Effects of sintering variables on the microstructure of isostatically pressed PTFE parts

Polytetrafluorethylene (PTFE) is used in a wide range of critical applications because of its outstanding chemical and thermal resistance, low surface energy and special tribological properties. Because of its high melt viscosity, PTFE cannot be processed by traditional extrusion and injection methods. Cold pressing followed by sintering above its melting temperature is the main processing technique. The sintering time is defined according to the dimensions of the manufactured part and may last from a few hours to several days for large parts. Studies of the influence of sintering time and temperature on the PTFE crystalline microstructure are scarce in the scientific literature, being the main objective of this study. PTFE plates were isostatically pressed and sintered at temperatures from 360 ○C and 390 ○C for periods of times between 10 e 10,000 min. Differential Scanning Calorimetry (DSC), measurements of mass loss and density and Scanning Electron Microscopy (SEM) were performed. The results of mass loss indicated that degradation increases with sintering time and temperature. The analysis of the enthalpies of fusion and density measurements indicates indirectly the reduction in molecular weight and increase in the crystallinity degree with increasing sintering temperature and time. The SEM analysis allowed for direct observation of crystalline microstructure, indicating a trend of increasing width for the crystalline lamellae with sintering time and temperature. These data allow one to devise ways to tune the PTFE microstructure during processing, which is useful for the manufacturing of PTFE parts with optimized performance.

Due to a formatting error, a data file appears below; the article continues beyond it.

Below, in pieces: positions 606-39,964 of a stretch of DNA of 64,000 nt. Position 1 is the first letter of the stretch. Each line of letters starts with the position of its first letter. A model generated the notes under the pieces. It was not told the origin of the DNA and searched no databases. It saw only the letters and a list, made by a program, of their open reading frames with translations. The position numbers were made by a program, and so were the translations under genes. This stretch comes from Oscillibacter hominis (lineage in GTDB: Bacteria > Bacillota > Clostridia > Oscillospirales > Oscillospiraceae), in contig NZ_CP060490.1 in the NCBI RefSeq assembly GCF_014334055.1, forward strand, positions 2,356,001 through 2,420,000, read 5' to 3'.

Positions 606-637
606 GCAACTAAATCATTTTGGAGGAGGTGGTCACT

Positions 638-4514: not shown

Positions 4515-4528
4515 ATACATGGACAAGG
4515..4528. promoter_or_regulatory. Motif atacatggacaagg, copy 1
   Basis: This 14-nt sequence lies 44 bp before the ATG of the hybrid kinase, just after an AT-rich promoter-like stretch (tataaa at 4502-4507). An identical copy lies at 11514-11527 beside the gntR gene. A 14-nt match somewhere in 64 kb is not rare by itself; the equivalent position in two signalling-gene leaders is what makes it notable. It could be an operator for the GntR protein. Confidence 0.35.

PTFE; sintering; thermal degradation; crystallinity


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